Senate Panel Votes To Prevent DEA Interference In State Medical Marijuana Laws

By Steve Elliot Hemp News 

In yet another huge victory for marijuana reform, the U.S. Senate Appropriations Committee on Thursday approved an amendment to prevent the Department of Justice from spending money to interfere with state medical marijuana laws. The vote was 20 - 10. 

The amendment, offered by Sen. Barbara Mikulski (D-Maryland) to the Senate version of the Commerce, Justice, Science and Related Agencies Appropriations Act, prohibits the Justice Department, including the Drug Enforcement Administration (DEA), from using funds to interfere in the implementation of state laws that allow the cultivation, distribution, and use of marijuana for medical purposes. It mirrors the amendment sponsored by Rep. Dana Rohrabacher (R-CA) that was approved 242-186 last week in the House of Representatives. Passage of identical amendments in the House and Senate typically indicates it will be included in the final spending bill Congress sends to President Obama. The House also approved amendments to protect state industrial hemp laws and to reduce the DEA’s budget by shifting money away from marijuana eradication and toward better uses. "We very narrowly lost a vote that would have stopped DoJ from interfering with all state marijuana laws, not just those that are limited to medical marijuana," said Tom Angell, chairman of Marijuana Majority.

This is the second time in as many months that the Senate Appropriations Committee has approved a marijuana policy reform measure. On May 21, the committee voted to allow doctors within the Veterans Affairs system to formally recommend medical marijuana to veterans. Now that the medical marijuana language is in both the House and Senate versions of the Commerce-Justice-Science appropriations legislation, it's almost certain it will end up in the final conference committee bill that gets worked out by leadership of both chambers, according to Angell.

"As a bit of background: Last year we only had the language in the House version and it still ended up being included in the final 'CRomnibus'bill signed into law by President Obama in December," Angell said. “With so many votes going our way these days, each new one gets less and less exciting," Angell said. "But that’s a good problem to have. "We’re entering an era where marijuana reform is accepted as mainstream and not seen as controversial, and that’s exactly where we want to be," Angell said. "With this vote, it’s now clear that a growing bipartisan group of lawmakers in both chambers are ready to get the federal government out of the way of the effective implementation of state marijuana laws.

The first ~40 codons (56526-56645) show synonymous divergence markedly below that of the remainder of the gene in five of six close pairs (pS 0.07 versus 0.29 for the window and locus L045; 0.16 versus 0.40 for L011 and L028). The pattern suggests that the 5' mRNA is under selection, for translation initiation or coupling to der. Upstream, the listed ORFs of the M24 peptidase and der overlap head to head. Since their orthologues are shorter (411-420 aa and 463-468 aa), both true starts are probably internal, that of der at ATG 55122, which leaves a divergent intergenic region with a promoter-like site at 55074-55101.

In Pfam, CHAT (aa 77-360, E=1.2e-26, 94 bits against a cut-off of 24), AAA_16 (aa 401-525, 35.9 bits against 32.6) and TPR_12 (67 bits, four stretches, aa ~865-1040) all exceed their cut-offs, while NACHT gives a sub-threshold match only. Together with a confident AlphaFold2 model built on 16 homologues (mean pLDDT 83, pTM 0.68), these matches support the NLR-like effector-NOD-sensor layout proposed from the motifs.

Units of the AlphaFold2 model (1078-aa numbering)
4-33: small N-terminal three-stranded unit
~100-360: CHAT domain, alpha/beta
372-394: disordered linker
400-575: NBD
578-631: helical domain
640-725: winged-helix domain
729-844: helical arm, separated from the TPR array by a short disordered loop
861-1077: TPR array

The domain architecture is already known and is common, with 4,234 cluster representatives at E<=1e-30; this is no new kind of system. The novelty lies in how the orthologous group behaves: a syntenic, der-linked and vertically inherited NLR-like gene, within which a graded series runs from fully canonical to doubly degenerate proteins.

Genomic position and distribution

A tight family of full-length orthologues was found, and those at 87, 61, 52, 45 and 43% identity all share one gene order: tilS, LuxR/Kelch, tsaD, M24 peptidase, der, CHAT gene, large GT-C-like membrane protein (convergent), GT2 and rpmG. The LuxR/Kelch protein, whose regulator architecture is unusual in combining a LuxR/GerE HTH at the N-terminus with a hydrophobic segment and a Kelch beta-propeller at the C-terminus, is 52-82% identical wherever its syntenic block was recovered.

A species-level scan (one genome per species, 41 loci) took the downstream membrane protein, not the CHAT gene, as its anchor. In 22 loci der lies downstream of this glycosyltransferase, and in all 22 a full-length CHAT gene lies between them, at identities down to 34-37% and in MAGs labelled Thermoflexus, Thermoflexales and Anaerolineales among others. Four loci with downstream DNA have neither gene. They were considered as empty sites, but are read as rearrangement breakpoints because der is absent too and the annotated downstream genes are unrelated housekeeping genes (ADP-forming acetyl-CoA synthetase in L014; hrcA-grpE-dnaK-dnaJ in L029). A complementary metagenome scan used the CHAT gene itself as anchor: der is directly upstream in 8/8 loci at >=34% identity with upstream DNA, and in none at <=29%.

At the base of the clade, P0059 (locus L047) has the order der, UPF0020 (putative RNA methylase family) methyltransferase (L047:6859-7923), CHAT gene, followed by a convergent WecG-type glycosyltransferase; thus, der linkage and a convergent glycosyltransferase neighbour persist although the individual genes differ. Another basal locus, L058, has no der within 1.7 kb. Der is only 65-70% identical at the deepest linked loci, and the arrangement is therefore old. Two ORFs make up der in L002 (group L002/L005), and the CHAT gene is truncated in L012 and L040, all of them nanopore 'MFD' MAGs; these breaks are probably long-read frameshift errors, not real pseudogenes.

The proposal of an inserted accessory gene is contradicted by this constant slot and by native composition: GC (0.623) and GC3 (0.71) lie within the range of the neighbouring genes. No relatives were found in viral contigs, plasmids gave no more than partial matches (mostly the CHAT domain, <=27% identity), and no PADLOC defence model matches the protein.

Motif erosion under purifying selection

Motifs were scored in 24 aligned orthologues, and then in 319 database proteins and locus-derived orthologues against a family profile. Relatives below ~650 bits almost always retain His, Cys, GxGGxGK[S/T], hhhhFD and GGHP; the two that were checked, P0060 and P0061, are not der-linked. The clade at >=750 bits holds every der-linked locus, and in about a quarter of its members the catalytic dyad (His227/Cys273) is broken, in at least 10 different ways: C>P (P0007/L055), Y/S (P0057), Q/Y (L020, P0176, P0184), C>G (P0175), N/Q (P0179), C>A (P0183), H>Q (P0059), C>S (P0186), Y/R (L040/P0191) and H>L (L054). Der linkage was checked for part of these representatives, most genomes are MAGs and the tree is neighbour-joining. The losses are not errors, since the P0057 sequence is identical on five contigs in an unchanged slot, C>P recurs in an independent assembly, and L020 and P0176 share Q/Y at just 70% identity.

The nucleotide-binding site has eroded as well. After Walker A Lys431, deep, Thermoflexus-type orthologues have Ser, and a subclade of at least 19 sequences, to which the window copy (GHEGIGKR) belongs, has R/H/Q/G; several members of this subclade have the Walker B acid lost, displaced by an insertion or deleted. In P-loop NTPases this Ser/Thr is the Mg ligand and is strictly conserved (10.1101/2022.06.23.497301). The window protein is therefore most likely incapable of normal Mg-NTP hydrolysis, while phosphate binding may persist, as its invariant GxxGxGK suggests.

"These temporary funding restrictions certainly help us to demonstrate political momentum, but the next step should be passing legislation to permanently change federal law,” Angell said. “This is another resounding victory for medical marijuana patients, their families, and their care providers," said Dan Riffle, director of federal policies for the Marijuana Policy Project (MPP). "Congress is making it clear that the Department of Justice and the DEA have no business interfering in state medical marijuana laws. “The goal of this amendment is to provide deference to the states, making it strikingly similar to the operative provisions of the CARERS Act," Riffle said. "Unfortunately, that bipartisan bill has languished for months in the Senate Judiciary Committee because Chairman Chuck Grassley has refused to hold hearings on it.

The Senate spoke loudly and clearly today. Hopefully Sen. Grassley was listening.” “The success of the Mikulski medical cannabis amendment shows a growing acknowledgement that the federal government should not interfere with state medical cannabis programs,” said Steph Sherer, executive director of Americans for Safe Access (ASA). “The passage of the Mikulski medical cannabis amendment also shows that Senate support exists for the central elements of the CARERS Act. The CARERS Act would make the protections in Mikulski medical cannabis amendment permanent and create a much needed framework for research and federal and state cooperation.”

“Today the Senate is joining the House of Representatives and recognizing the only responsible course of action is for the federal government to leave state medical cannabis programs alone and let them provide their citizens with this much needed medical option,” said Mike Liszewski, Government Affairs director for ASA. “Along the recent vote to end the gag order on VA doctors recommending medical cannabis we’re seeing undeniable Senate support for the policy changes in the CARERS act.” “What we’re witnessing today are the death throes of the federal government’s war on medical marijuana,” said Michael Collins, policy manager at Drug Policy Alliance’s Office of National Affairs. “Last week the House sent a resounding message to the DEA and DOJ – stop the interference and let states legalize medical marijuana. Today, the Senate echoed that message.” - See more at: